Fileless malware attacks are growing. According to research by the Sans Institute, issued in their 2017 Threat landscape survey, a third of organisations reported experiencing fileless attacks.
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So why are they becoming so popular and what can security professionals and organisations do to mitigate the risk they pose?
The nature of these attacks may seem very different to the kind of malware onslaught we have sadly become so accustomed to facing.
The reason why these fileless attacks are so successful, and therefore growing in popularity, is that they effectively operate under the radar, as they hijack Microsoft Windows tools, such as PowerShell and Windows Management Instrumentation (WMI), to attack.
This means that malware detection is effectively rendered obsolete, as any activity coming from Windows tools is deemed legitimate and therefore unchallenged or prevented, as antivirus software cannot really detect them. So acting almost entirely in memory, fileless attacks perplex security professionals and exploit vulnerabilities in organisations’ networks.
We are familiar with the idea of a phishing email delivering a toxic payload or link to malware-laden website. There is still an element of user interaction required to enable this kind of attack to take place. Education of users is still key.
Teaching users how to recognise unfamiliar, unexpected or suspicious forms of email is vital, as there will still be some form of executable required to enable a fileless attack. A trained team needs to be in place to monitor network traffic to throw up any anomalous behaviour.
As much as people can be the Achilles heel in any security plan, due their unpredictability or lack of training, we also know that procedures can sometimes be a weakness too.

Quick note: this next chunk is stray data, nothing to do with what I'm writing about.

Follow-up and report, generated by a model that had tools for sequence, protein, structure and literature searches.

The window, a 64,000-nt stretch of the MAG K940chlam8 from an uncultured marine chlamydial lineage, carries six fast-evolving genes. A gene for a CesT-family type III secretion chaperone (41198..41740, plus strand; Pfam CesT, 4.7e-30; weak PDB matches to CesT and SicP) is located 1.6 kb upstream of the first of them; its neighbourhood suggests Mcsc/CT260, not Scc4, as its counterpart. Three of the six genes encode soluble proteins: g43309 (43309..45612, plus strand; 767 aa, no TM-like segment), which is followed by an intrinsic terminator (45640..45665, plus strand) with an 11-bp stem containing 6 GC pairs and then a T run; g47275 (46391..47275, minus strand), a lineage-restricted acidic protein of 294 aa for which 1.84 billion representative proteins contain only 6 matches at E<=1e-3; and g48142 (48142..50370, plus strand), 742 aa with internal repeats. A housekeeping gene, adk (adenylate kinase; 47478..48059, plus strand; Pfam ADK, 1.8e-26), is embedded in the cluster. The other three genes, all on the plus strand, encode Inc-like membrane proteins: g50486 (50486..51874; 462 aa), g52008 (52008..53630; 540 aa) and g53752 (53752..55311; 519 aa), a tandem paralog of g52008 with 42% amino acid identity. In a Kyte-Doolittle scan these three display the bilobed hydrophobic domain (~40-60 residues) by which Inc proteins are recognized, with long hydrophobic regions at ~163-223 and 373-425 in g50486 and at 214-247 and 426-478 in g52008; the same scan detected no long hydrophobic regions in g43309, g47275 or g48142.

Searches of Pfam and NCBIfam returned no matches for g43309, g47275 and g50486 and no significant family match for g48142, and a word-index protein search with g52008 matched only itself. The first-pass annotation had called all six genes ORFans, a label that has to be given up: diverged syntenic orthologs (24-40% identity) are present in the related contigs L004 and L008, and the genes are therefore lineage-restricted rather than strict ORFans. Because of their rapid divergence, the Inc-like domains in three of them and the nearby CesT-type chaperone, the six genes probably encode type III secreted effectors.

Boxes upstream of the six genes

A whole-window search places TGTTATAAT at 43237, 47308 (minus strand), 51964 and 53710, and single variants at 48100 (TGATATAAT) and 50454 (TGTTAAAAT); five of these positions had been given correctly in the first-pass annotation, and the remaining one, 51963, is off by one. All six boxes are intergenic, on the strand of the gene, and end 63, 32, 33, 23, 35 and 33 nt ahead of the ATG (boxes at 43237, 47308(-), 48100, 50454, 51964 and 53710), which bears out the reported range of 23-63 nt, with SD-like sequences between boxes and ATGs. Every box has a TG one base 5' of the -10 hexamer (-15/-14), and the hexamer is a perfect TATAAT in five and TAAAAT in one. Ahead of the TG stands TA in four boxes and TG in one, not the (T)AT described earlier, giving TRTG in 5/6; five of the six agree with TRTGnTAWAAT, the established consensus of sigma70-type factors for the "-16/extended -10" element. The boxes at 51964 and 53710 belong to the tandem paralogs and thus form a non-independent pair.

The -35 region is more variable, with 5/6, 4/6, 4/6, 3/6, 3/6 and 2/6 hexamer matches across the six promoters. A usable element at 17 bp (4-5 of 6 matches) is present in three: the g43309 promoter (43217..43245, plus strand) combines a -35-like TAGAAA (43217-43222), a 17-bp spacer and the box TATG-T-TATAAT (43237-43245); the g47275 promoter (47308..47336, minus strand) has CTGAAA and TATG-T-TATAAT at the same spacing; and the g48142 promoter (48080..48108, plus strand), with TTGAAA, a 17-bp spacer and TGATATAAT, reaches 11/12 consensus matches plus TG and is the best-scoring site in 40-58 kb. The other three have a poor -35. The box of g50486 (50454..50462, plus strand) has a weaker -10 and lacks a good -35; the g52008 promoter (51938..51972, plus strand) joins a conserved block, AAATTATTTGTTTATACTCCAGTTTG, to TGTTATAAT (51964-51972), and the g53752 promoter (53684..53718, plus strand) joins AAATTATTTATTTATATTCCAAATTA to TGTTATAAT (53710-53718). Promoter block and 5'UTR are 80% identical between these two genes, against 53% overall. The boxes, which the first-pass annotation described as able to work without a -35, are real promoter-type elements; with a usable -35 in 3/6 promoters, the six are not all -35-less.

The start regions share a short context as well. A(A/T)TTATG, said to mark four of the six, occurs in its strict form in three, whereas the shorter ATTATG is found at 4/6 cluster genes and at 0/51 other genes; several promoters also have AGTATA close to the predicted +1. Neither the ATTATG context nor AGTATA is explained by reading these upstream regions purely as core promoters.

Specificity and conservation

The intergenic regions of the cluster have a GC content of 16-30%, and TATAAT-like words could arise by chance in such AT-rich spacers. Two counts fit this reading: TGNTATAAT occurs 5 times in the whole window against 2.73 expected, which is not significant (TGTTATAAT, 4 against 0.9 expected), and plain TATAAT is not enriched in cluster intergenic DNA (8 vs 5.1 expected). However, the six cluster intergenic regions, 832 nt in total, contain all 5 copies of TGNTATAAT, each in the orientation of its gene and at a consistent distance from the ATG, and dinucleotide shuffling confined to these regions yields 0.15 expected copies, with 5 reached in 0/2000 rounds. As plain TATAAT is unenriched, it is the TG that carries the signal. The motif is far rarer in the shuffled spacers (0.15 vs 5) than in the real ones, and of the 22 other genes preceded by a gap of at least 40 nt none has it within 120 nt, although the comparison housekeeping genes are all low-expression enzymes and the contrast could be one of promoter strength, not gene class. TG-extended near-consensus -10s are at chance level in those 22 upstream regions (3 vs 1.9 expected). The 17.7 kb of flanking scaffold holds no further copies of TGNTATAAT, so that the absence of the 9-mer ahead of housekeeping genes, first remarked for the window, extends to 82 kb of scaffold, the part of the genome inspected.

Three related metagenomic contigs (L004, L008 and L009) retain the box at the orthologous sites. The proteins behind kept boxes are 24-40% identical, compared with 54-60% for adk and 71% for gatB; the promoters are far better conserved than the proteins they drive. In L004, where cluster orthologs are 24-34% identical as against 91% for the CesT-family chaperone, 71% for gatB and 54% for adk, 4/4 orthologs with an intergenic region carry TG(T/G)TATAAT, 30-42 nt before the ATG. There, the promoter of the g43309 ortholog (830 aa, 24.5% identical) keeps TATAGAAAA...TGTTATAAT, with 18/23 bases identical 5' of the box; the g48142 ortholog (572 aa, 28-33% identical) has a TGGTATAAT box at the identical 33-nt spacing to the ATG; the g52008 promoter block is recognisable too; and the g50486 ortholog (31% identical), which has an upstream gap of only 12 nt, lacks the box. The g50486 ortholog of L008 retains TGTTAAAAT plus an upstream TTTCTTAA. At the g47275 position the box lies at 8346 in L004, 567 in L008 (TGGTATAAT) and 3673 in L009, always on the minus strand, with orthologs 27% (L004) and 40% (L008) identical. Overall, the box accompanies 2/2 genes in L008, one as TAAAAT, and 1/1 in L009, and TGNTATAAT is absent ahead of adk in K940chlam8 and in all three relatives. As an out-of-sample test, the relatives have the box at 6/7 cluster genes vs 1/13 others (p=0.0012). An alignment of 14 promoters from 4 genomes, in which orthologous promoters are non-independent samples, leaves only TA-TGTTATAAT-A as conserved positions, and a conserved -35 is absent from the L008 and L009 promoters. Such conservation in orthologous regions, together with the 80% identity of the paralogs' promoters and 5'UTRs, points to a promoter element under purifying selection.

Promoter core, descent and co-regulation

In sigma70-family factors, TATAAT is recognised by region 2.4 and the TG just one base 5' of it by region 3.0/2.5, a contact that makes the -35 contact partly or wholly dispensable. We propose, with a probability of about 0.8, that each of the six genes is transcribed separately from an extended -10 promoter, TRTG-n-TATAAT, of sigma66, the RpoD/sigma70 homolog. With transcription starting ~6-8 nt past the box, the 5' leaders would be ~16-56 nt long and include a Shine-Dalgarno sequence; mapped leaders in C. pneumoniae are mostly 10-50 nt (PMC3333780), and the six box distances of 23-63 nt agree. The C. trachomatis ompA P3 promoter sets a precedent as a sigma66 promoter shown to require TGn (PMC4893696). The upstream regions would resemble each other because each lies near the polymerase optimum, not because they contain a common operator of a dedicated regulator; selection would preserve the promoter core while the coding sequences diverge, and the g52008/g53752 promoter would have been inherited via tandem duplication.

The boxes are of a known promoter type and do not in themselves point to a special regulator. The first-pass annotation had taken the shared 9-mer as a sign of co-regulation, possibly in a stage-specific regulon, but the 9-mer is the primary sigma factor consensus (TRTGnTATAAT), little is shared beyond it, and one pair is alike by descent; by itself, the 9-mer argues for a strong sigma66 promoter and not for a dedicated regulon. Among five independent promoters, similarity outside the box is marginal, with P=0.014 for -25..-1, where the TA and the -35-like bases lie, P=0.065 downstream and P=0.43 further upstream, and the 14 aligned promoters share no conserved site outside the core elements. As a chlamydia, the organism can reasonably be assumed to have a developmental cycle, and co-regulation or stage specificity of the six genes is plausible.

Think of what happened when the world was hit by NotPetya ransomware and an emergency patch was issued – many organisations failed to install the new patch and the wave continued.
So change management must be firmly in hand with updates and patches religiously applied, even if patching has to be triaged if the level of patches and updates is high.
We also need to make sure that if technical solutions, such as protective monitoring, identify an anomaly, then we must have a process is in place to handle the alert. Without this, the alert is a claxon going off in an empty room.
Baselining your traffic will go a long way to help you discover if there is erroneous activity on your networks, so security information and event management (Siem) platforms will help with understanding what is “normal”.
In the same way that if your car makes a particular noise when you drive it, this is normal. If it suddenly starts making a particular noise, you know from your experience of its baseline behaviour this is not normal and you need to investigate the cause of the noise.
Setting firewall boundaries so that you are in control of the maximum amount of data that can leave your network, combined with notifications on network exit controls, will also help if largescale (at least larger than normal) exfiltration is happening and you can then investigate further. Set tolerances on servers around the amount of information that can be moved.
Listen to your network like you listen to your car, and if there is a noise that is new, make sure you check it out.